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28th of May 2003, Blog #601

With a crew of 2 and 8 passengers on board a Cessna 560 Citation had departed Hannover (Germany) for a charter flight to Leeds Bradford Airport (England) on this day in 2003. The captain was the pilot monitoring (PM), and the co-pilot was the pilot flying (PF) for this flight.

The aircraft in its final position (Source; Aviation Safety Network © Paul Rainford)

The weather was calm for the landing, which was expected just before 13.30 local time;

  • Wind : 240º at 6 knots (variable 170º - 290º)

  • Visibility : 16 kilometres

  • Clouds : Few at 2500 feet

  • Temperature : 18ºc

  • QNH : 1022 mb

Arriving from the south ATC vectored the aircraft into a left-hand downwind position for an ILS approach to Runway 14 at Leeds Bradford Airport. During the descent and the turn onto the final approach, the PM was given some guidance by the PM. While on the final approach, the captain became the pilot flying, although there was no clear verbal handover of control. At the same time, ATC issued the aircraft with its landing clearance for Runway 14. The aircraft was still in a clean configuration at the time, while 5 miles from the runway on a 3,5º glide path, in a clean configuration with a speed of 220 knots. As the aircraft continued to descend on the glide path the Enhanced Ground Proximity Warning System (EGPWS) Mode 4 "TOO LOW TERRAIN" warning sounded.


At 1,5 miles from the runway the speed brakes were extended followed by a selection of Flap 15. As the aircraft continued to descend ATC advised the crew that the landing gear was not down, to which the crew replied "We know". Subsequently, the landing gear was selected down, followed by the selection of full flaps, speed at the time 195 knots.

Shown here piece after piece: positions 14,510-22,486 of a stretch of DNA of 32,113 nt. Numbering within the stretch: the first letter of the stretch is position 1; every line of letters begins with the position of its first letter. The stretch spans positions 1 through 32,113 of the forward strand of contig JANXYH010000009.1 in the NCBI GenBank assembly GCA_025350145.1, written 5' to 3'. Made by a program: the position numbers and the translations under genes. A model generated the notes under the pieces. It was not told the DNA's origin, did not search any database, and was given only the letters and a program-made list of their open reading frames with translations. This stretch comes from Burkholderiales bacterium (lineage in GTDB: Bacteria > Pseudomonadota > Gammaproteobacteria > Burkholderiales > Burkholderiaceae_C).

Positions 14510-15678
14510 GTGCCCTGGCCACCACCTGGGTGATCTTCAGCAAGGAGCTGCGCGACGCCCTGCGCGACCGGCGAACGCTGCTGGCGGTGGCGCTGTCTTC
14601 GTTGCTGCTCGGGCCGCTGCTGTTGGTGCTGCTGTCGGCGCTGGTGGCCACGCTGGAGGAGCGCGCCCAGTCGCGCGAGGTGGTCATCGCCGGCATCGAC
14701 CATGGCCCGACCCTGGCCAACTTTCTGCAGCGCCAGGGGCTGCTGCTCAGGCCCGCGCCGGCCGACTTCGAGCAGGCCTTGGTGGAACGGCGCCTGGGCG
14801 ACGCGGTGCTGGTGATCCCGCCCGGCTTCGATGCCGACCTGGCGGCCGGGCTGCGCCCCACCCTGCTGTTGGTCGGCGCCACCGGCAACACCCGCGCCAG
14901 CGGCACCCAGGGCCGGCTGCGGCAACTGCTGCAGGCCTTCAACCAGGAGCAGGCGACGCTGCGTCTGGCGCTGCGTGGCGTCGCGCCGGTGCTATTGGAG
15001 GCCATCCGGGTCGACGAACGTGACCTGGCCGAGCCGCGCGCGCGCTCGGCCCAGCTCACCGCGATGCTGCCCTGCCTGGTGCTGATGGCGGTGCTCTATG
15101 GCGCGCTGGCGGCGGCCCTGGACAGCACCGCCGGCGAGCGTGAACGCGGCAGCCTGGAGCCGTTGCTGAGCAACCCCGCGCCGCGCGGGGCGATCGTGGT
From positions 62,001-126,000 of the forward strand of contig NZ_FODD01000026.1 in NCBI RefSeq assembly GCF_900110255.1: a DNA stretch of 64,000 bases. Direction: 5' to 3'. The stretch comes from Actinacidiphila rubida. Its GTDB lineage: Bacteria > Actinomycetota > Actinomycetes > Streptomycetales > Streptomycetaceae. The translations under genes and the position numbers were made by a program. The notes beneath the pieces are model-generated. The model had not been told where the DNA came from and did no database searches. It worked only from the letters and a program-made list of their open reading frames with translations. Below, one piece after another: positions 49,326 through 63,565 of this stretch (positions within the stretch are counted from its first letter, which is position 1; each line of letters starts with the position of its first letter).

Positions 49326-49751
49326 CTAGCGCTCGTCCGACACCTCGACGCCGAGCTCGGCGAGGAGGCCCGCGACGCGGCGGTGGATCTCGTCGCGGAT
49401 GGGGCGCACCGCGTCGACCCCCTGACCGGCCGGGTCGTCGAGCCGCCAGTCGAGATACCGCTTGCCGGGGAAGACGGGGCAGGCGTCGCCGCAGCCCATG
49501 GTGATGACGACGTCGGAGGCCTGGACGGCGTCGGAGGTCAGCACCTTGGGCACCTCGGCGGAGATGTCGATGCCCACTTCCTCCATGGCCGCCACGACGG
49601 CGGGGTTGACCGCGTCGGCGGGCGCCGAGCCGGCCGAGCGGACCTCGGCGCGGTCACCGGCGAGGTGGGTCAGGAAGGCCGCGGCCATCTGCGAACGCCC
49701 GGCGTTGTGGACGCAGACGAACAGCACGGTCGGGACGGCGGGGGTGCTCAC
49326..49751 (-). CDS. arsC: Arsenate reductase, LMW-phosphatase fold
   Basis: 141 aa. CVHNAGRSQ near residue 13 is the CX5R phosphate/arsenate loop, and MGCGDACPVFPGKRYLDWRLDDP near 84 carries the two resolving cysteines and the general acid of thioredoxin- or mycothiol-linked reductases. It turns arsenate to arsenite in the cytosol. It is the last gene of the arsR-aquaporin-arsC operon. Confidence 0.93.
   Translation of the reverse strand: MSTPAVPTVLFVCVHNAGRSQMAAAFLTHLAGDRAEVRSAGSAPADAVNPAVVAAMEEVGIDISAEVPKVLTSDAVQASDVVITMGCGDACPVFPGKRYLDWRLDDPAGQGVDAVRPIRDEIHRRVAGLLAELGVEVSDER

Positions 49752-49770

A second "TOO LOW TERRAIN" warning sounded twice, being interrupted by an (EGPWS) "MINIMUMS" call as the aircraft was at 200 feet AGL (Above Ground Level). Immediately afterwards there was one further "TOO LOW TERRAIN" aural alert and then a "SINK RATE SINK RATE" alert.


At a speed of ~155 knots, the aircraft was flared while over the touchdown zone, this caused the aircraft to float over the runway finally touching down passed the midpoint of the runway at a speed of 121 knots. Full reverse thrust was immediately selected on touchdown.

Wheel brakes were only activated approximately 1900 feet (585) from the runway end {Runway 14 is 7381 ft x 150 ft (2250 m x 46 m) long}. The remaining distance was not enough to stop the aircraft and the aircraft left the paved area of the runway at a speed of ~25 knots, coming to a stop in the grass in a nose-down attitude.

The aircraft on approach to Barcelona, Spain in 2018 (Source; planespooters.net © Jordi Ramon)

ATC observed the aircraft leaving the runway and sounded the crash alarm. The Airport Fire Service responded and was on the scene in two minutes. The occupants of the aircraft were not injured and vacated the aircraft without assistance from the Airport Fire Service.

The aircraft was resting nose down on the grass approximately 12 metres beyond the end of the paved surface of Runway 14. The wheels had dug deep furrows into the soft ground and the nosewheel had dug in sufficiently to break free from the nose gear leg. The right wing had impacted the ILS monitoring antenna, knocking it over, and producing a small dent in the leading edge of the right wing. The radome suffered minor damage when it impacted the grass surface after the nosewheel separated. There was also some damage to the main gear doors. Although damage was substantial the aircraft was repaired and returned to service.


The Air Accident Investigation Branch (AAIB) investigated the accident and after the investigation concluded that;

  • The approach was not stabilised

  • The crew did not respond to the EGPWS alerts

  • ATC found it prudent to call the crew that the landing gear was not down

  • Speed brakes were extended during the landing (Should have been retracted at 50 feet AGL)

  • Crew interaction not as expected

The AAIB report, which served as the source for this blog, and contains much more detailed information than provided in this blog can be accessed by clicking on the .pdf file below;

Citation Rwy Overrun 28May2003
.pdf
Download PDF • 211KB


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